It doesn't matter what VR headset you have, as soon as you put it on you are totally unaware of the world around you. One accidental step to the left and the fun you're having could be abruptly ended as your hand or controller clashes with something in the real world. That's why we're kicking off our 12 Days of VR tips with this simple guide for how to made sure you have enough space to enjoy and share your VR experience, no matter what headset you have!
Any VR headset you put a phone in
If you're using a VR headset that requires a phone to act as the brains and the display, you're not supposed to be moving around a bunch. That doesn't mean you can't move around, especially when you're spinning to see all of the cool things happening in a 360-degree video.
Keeping yourself and other safe using one of these headsets is fairly simple. Before you put the headset on, stretch your arms out to each side and rotate your bode. If your fingers come into contact with anything, this area isn't the best for diving into VR. If you can spin without your arms hitting anything, you're good to go.
It's also not the worst idea ever to look for a rotating char for VR. If you're able to sit still but also enjoy the entire scene, you're going to have a great time.
Setting up a space to enjoy PlayStation VR can be complicated. It needs to be very close to wherever your PlayStation 4 is, but you also need to be far enough back from the television that you don't accidentally punch it when swinging a sword in Skyrim VR.
The most important part of setting up a PlayStation VR is making sure the PlayStation Camera can see you. Keep these things in mind:
- Dim the lights to the blue on the headset shines bright
- Make sure no one tries to walk between you and the camera
- Cover up any big reflective surfaces that might be behind you
- Be aware of where that headset cable is at all times
Getting yourself ready to dive into an Oculus Rift means making sure your Constellation sensors are set up properly. These sensors are responsible for tracking your hands and head, making them the most important part of your experience. To set them up properly:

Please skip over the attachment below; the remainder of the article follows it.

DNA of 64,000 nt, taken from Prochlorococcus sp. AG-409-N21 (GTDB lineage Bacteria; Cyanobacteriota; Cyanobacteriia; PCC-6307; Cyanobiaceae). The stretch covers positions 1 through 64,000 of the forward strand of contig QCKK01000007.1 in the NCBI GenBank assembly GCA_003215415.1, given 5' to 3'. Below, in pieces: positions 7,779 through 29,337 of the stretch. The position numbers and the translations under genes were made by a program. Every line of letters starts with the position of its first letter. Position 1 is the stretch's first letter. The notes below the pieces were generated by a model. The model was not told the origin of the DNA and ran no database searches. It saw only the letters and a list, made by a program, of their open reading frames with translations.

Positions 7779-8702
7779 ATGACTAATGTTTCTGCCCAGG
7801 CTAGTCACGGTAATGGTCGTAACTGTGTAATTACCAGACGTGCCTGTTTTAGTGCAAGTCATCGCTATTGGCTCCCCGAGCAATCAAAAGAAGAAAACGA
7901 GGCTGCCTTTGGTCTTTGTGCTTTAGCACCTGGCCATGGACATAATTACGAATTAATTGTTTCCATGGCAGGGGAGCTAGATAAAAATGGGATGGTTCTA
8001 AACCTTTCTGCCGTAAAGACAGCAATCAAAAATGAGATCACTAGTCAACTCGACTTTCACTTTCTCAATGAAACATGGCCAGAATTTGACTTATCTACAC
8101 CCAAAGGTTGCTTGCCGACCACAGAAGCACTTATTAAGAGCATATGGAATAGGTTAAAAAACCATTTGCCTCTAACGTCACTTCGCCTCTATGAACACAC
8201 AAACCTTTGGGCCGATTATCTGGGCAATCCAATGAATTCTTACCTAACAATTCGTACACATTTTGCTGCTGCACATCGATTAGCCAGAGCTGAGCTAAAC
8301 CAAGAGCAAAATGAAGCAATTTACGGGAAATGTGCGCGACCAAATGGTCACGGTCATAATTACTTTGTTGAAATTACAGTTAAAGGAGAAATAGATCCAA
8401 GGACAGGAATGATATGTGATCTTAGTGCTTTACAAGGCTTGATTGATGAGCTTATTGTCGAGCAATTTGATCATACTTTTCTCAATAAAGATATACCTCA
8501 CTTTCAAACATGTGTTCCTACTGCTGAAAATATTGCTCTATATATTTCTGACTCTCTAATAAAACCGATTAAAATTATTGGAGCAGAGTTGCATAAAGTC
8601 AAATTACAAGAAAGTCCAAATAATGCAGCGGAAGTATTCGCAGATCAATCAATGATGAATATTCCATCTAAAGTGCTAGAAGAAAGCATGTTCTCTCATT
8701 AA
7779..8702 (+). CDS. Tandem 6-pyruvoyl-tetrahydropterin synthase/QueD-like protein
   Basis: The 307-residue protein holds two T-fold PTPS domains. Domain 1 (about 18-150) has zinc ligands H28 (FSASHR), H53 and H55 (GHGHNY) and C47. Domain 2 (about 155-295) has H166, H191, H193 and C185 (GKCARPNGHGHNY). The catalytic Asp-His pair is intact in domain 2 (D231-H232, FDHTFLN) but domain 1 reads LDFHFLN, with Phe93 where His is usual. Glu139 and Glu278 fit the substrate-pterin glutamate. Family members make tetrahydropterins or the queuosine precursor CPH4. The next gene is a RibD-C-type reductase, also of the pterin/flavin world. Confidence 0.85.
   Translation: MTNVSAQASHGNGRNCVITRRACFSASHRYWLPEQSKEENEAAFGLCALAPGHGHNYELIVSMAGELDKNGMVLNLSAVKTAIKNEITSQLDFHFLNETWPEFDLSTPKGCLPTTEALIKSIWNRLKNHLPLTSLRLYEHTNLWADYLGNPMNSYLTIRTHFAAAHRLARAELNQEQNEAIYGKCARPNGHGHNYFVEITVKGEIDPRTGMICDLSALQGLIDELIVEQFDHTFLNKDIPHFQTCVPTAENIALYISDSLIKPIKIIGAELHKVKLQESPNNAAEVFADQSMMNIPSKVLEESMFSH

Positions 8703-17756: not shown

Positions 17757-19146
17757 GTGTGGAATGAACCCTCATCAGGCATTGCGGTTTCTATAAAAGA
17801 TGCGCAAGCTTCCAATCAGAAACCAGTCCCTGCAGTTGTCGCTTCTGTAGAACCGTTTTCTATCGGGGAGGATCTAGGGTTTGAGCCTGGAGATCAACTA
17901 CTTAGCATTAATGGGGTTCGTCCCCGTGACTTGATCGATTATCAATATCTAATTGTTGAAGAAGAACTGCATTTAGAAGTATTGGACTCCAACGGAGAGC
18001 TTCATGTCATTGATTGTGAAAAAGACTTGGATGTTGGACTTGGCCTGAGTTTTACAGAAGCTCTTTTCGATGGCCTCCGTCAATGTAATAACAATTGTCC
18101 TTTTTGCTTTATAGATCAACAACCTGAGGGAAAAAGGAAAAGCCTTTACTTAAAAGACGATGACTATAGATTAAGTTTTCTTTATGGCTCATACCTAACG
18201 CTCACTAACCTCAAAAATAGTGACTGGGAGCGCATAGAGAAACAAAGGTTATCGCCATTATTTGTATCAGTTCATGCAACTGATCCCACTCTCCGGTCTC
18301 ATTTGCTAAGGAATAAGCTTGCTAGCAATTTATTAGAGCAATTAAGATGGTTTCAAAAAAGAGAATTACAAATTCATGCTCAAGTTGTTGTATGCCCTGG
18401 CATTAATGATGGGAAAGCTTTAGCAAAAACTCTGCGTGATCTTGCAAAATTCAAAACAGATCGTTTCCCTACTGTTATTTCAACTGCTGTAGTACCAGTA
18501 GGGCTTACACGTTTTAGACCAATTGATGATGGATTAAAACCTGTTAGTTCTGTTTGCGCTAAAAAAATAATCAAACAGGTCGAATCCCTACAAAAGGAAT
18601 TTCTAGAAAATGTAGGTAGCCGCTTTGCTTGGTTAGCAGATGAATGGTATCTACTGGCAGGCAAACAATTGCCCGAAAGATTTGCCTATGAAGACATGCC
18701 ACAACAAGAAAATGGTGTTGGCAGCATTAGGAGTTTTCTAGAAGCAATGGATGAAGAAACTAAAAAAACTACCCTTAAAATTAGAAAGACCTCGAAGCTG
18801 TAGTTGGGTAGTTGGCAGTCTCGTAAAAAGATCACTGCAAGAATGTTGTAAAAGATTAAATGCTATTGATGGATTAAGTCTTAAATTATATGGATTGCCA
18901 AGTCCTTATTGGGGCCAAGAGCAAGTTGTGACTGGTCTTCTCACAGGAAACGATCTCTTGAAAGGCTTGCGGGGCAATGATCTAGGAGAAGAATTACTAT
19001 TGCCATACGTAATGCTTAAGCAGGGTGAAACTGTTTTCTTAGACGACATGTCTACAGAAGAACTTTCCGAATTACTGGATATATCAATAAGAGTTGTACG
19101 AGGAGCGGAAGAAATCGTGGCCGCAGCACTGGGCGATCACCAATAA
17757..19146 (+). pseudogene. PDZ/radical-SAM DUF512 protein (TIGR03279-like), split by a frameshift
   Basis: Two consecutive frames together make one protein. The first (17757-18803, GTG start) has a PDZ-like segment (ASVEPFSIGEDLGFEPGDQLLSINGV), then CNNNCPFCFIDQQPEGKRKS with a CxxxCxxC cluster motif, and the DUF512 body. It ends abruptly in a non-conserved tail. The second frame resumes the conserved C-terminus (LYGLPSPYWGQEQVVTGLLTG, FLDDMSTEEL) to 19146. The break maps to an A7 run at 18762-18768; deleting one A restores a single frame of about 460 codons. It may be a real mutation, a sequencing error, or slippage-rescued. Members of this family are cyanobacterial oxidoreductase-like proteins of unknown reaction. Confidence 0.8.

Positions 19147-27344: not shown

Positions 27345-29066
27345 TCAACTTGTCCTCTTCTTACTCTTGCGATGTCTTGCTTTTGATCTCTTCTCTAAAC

- Make sure the sensors are between three and six feet apart
- You don't have to have the sensors at the edge of your table, they can sit back at least a foot before causing problems
- Point the heads of the sensors toward your torso, not your head
Once you have your sensors set up correctly, you want to make sure you set up the Oculus Rift Guardian. This is a virtual wall you can see inside the headset that lets you know you've gone too far. Draw your virtual walls so there's at least six inches between something virtual and something physical. This will keep you from knocking over lamps or breaking windows, which I'm sure you agree is a good thing.
The best way you can set up an HTC Vive is to have an entire room (or most of a room) dedicated to the experience. This headset was built to be enjoyed by walking around and having fun, but doing that well means a couple of quick things:
- Set up your Lighthouse sensors high, but away from direct sunlight
- You can use adhesive wall stickers, tripods, or vertical tension rods if you don't want to drill holes
- Make sure the room you are in has enough power outlets before setting anything up
You also want to make sure you set up the Vive Chaperone system. This headset will let you walk around, and unfortunately in to, anything. Chaperone creates a virtual wall to let you know you're about to leave the safe play area, so make sure you set it up before playing any games.
You can also customize your Chaperone boundary, which is a lot of fun.
Windows Mixed Reality
The coolest part about setting up a Mixed Reality space is how few things you actually need to do. This headset has no sensors, but you can still walk around and enjoy immersive worlds. To get set up:
- Make sure there's nothing in the space around you that you could kick or knock over
- Stretch your arms out wide with controllers in hand to confirm your space is clear
- Take one big step back from your computer before putting the headset on
You also want to make sure you have boundaries set up in Mixed Reality. Here's a quick guide on getting that done!